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Fairly Big Hydro

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On 7th January, BBC News carried an item about a large hydro-electric scheme in Scotland. Monday saw the completion of a major phase of the project, with breakthrough at the end of a 5-mile tunnel at Glendoe, near Fort Augustus, Loch Ness. The cameras were there to capture the moment as the 220 meter long boring machine, nicknamed ‘Eliza Jane’ by local schoolchildren, emerged blinking into the daylight after 18 months.

My initial reaction was one of great surprise, a real “Wow! Where was that hiding?” moment, and I know I’m not the only one. Glendoe is the largest ongoing civil engineering project in Scotland, which when completed will have an installed capacity of about 100MW, producing around 180 million units of green electricity in a year of average rainfall. Its flexibility will help to meet major fluctuations in power demand, with the ability to start generating electricity at full capacity in 30 seconds. When operating at maximum capacity, Glendoe will be able to generate enough electricity to power Glasgow, almost 250,000 homes.

OK, pretty small beer in comparison with, say, China’s Three Gorges project, but this is Scotland’s second largest conventional hydro-electric station and the first large-scale station to be built since 1957. The fact that it’s remained largely unpublicised says a lot about the media and about how Scotland is seen by the rest of the United Kingdom.

It’s fair to say that the film crews only turned up because it was a telegenic event. Once the breakthrough was captured on video, there was very little about the wider project, just a quick interview with a suit and a hard hat, then up, up and away. Another factor in deciding newsworthiness was that the project has been remarkably free of controversy. In England, a proposal involving a 75 square kilometer reservoir formed by a dam 1 kilometer long and 35 meters high would have been bogged down in protest and bureaucracy for years. Scotland, being a relatively unpopulated country, has fewer constraints, and Glendoe has been welcomed by local environmental groups. This from the Scottish and Southern Energy website:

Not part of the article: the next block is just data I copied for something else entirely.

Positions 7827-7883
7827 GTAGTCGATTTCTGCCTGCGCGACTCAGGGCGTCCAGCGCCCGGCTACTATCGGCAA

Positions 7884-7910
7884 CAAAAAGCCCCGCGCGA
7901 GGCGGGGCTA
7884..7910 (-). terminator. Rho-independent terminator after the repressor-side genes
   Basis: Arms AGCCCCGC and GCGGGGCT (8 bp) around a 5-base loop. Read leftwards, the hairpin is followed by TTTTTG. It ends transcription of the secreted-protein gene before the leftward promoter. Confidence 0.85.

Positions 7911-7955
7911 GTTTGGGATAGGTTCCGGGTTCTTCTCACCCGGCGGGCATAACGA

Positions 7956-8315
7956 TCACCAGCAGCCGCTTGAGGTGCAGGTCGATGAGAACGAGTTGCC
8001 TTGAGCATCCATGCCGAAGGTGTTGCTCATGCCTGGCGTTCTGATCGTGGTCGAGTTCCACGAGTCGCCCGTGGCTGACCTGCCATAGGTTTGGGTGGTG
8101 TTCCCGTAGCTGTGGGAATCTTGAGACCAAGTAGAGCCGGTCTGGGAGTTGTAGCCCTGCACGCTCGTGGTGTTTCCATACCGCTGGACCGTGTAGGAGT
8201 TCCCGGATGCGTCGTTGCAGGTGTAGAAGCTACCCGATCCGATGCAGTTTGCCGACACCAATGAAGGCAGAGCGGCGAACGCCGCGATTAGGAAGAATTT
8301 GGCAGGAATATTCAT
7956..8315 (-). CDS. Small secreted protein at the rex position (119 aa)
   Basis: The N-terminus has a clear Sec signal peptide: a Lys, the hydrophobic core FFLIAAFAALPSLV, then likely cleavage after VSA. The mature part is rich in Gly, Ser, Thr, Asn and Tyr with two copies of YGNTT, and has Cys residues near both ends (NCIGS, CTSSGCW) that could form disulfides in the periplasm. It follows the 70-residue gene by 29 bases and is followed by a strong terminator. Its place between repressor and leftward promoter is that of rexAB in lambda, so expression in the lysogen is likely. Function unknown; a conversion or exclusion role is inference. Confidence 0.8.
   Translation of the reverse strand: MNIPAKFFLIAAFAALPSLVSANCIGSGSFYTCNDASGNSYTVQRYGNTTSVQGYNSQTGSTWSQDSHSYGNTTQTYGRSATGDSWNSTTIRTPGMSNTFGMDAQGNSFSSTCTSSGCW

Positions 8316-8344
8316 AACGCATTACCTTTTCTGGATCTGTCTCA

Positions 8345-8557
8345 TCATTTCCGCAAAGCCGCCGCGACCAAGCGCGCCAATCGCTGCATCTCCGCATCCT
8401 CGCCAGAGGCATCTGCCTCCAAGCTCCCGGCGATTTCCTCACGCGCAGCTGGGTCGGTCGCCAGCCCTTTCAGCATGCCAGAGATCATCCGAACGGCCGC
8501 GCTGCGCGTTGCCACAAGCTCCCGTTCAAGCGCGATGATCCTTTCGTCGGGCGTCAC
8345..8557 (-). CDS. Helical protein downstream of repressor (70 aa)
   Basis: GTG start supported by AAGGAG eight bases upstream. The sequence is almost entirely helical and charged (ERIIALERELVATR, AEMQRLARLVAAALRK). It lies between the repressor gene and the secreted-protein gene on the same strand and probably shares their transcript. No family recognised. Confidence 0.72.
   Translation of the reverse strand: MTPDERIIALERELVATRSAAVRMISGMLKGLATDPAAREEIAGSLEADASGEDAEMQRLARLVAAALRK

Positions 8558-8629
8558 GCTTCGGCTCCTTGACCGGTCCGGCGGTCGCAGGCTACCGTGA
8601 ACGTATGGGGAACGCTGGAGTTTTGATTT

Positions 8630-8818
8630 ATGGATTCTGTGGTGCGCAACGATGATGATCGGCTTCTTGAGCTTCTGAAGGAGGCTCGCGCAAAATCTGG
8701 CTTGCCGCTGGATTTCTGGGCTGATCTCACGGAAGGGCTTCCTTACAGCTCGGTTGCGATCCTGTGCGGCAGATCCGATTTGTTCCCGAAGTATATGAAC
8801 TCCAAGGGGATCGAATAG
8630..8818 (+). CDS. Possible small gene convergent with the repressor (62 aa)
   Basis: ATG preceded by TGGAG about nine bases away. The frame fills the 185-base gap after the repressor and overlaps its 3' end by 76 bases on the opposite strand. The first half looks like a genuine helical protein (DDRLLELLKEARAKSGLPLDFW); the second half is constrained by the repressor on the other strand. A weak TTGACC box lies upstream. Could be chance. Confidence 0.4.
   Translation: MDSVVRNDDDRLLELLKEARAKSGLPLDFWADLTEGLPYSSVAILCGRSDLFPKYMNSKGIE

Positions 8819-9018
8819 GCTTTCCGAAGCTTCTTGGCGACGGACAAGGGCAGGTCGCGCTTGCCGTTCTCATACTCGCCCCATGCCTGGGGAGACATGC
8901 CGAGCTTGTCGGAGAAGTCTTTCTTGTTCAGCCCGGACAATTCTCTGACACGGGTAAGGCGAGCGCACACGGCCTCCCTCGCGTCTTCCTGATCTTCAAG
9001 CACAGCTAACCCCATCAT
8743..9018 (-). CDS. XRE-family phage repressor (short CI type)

SSE is committed to minimising negative effects on the local environment. The land which will form Glendoe’s reservoir is ‘degraded’ peat bog, meaning it is a peat area which has already been changed by man and has limited biodiversity – because of this Scottish Natural Heritage approved the use of the site for the reservoir.

With all the main components of the hydro scheme being underground, the dam and reservoir are the main structures that will be visible (yet they cannot be seen from any home or public road). In addition, the area around the reservoir is used only for sporting purposes and is not particularly popular with hillwalkers.

If Heathrow Airport only had hillwalkers and “sporting purposes” to consider, we’d have had ten runways by now.

It’s clear that Glendoe’s remoteness within Scotland has enabled the project to proceed quickly and smoothly. Scotland’s isolation within the UK has made the whole thing a very well-kept secret, which is a shame because this is a real success story.

Glasgow Herald “The spark coming from our water”

Scottish and Southern Energy project information

Glendoe Hydro Scheme


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Written by Pete Smith

January 10, 2008 at 1:30 pm

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